Decision time. How many of the beaches along the Delaware Bayshore should we check out? I proposed to chance just one, Cook’s Beach, a location that I had not scouted so it was a gamble, but I had heard good things of it. A stroke of luck or a choice of a genius? I’ll let you decide. The waders here were amazing, the highlight of the trip for me. Plenty of Knot, Sanderling, Turnstone and Dunlin, with new species noted including Least Sandpiper, American Oystercatcher and several Ring-billed Gulls. Since we got the latter we decided to go to the Atlantic coast side via Tamerlane campground. To ensure good relations we did not enter the campground but viewed the trees from the perimeter fence. The Red-headed Woodpeckers did not sho, had they been displaced by Red-bellied Woodpeckers that were present in the same tree? We were disappointed, but a highlight was a singing male Baltimore Oriole in the treetops. This was the only one of the trip for me and was a species proving elusive to several teams during the scouting week.

Off to Sea Isle City area and from the Boulevard just west of the town the Pergrine showed well and a Great Blue Heron was present by the road – a very tricky bird for Cape May County on WSB day! Seawatching off Sea Isle City produced the flock of 12 Eider and Surf Scoters. Purple Sandpipers joined other waders on the beach/jetties and Gannet were noted offshore. We left the site at 12:45 and made our way down the Atlantic coast.

Fame at last? Prior to WSB Nick had been contacted by a TV company from Philadelphia who were filming the birdrace. They joined us along this stretch for an hour or so, and the “Elder Statesman” of the team gave an interview on the team’s behalf. Hope the TV crew got some excellent footage of an adult Yellow-crowned Night Heron as it was on our side of the channel across from the heronry at Avalon 34th Street. Watch this space: I will post more details of the filming when information becomes available. Other highlights on the Atlantic marshes included Little Blue Heron and Brant (pale-bellied Brent Geese) at Townsend’s Inlet, Whimbrel and Tricoolured Heron at Scotch Bonnet Marina with Nummy’s Island hosting Black-crowned Night Heron in the roadside trees and a Great Northern Diver noted in the channel. One of the stops before crossing over on to Cape Island saw us connect with a drake Bufflehead and Spotted Sandpiper at Sunset Lake, Wildwood. Our tally was ticking over, including sightings of Red-breasted Merganser, Green Heron and Common Terns at the nearby Coastguard Ponds.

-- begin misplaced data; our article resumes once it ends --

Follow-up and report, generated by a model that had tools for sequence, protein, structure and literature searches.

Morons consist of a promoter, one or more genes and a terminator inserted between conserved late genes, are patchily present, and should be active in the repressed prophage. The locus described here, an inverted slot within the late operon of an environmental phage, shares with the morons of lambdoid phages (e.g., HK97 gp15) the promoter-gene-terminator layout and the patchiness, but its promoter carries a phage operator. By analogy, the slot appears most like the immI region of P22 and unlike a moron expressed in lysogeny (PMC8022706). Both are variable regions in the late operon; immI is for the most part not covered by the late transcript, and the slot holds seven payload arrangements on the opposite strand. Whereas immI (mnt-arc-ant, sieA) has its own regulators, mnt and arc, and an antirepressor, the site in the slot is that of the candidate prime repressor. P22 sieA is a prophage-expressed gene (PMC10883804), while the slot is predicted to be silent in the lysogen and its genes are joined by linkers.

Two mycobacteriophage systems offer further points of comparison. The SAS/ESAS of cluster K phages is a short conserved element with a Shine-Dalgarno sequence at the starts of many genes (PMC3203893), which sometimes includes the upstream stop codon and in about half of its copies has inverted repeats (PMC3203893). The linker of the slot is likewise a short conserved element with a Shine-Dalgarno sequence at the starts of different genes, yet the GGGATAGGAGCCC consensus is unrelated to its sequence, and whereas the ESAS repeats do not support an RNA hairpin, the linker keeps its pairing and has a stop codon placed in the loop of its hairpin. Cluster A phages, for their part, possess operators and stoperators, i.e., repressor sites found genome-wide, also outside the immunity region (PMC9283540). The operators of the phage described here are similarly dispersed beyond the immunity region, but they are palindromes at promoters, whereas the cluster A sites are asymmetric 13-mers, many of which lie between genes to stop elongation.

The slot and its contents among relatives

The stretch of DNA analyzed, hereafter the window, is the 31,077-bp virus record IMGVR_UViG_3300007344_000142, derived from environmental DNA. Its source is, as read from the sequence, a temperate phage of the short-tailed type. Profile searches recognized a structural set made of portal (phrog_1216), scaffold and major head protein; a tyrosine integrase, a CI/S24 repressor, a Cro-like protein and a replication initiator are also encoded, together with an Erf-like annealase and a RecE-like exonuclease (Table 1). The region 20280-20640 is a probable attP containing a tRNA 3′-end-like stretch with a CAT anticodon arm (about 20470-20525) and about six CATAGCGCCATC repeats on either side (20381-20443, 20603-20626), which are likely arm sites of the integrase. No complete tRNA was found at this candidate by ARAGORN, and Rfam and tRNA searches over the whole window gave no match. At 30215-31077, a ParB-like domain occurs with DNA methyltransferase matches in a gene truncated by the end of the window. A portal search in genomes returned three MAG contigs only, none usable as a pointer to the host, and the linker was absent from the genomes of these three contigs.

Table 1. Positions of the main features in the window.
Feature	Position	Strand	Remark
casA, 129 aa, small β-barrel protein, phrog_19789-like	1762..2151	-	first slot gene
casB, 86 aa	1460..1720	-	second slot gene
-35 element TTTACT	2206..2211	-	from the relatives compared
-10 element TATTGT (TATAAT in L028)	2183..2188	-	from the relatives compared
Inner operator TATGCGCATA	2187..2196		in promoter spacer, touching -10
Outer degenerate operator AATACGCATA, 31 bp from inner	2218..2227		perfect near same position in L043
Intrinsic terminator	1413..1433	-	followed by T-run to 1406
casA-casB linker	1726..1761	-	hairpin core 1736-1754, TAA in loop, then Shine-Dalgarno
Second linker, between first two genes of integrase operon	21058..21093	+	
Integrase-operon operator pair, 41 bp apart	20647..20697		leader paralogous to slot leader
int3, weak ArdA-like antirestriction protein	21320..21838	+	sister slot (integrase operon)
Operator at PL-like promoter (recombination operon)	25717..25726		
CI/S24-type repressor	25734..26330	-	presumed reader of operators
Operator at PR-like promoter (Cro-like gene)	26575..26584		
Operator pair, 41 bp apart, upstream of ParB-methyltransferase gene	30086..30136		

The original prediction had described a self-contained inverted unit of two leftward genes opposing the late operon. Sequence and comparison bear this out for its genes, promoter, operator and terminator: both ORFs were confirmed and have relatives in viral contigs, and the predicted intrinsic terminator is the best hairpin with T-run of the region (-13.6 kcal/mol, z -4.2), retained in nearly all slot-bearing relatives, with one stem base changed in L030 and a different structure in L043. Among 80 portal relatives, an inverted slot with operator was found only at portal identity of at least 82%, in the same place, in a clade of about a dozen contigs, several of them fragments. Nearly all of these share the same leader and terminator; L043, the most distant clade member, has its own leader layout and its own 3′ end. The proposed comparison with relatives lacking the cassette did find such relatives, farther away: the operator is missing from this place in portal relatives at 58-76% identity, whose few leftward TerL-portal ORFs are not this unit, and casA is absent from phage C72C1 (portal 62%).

We arrived on the island around about 16:00 and headed for the Magnesite Plant. At Pond Creek Marsh Least Tern was added to the list and literally appearing out of nowhere the Pied-billed Grebe delighted its four observers.

Birding around Cape May Point produced Black Scoter at the Concrete Ship, but nearby CMBO (Northwood) didn’t yield any lingering winter birds. However, a singing but distant Yellow-breasted Chat was unusual at this location. Cape May Point State Park proved reliable for Northern Rough-winged Swallow and Gadwall and a visit to the nearby Cape May Meadows saw us collect our last birds of the birdrace – Common Moorhen, Bank Swallow (Sand Martin), Piping Plover and Yellow-rumped Warbler.

With fatigue very much setting in, we called it a day at around sunset and headed off to the finishing for a well deserved bite to eat. It’s fair to say that at the time we were disappointed with our total but it must be said that it was a poor day for migration and this affected all teams. We shouldn’t feel bad as the winning team for Cape May County recorded only 163 species – the hard to see migrants affecting all. Nevertheless, fatigue aside, we did have a good time and the planning of the route and schedule worked out very well indeed.

A big thank you to everyone who sponsored me, £290 raised so far £100 to CMBO and £190 to BBC Children in Need.

Well done to team, especially to Nick for sorting out the transport for the day and formulating the schedule. Another fantastic effort!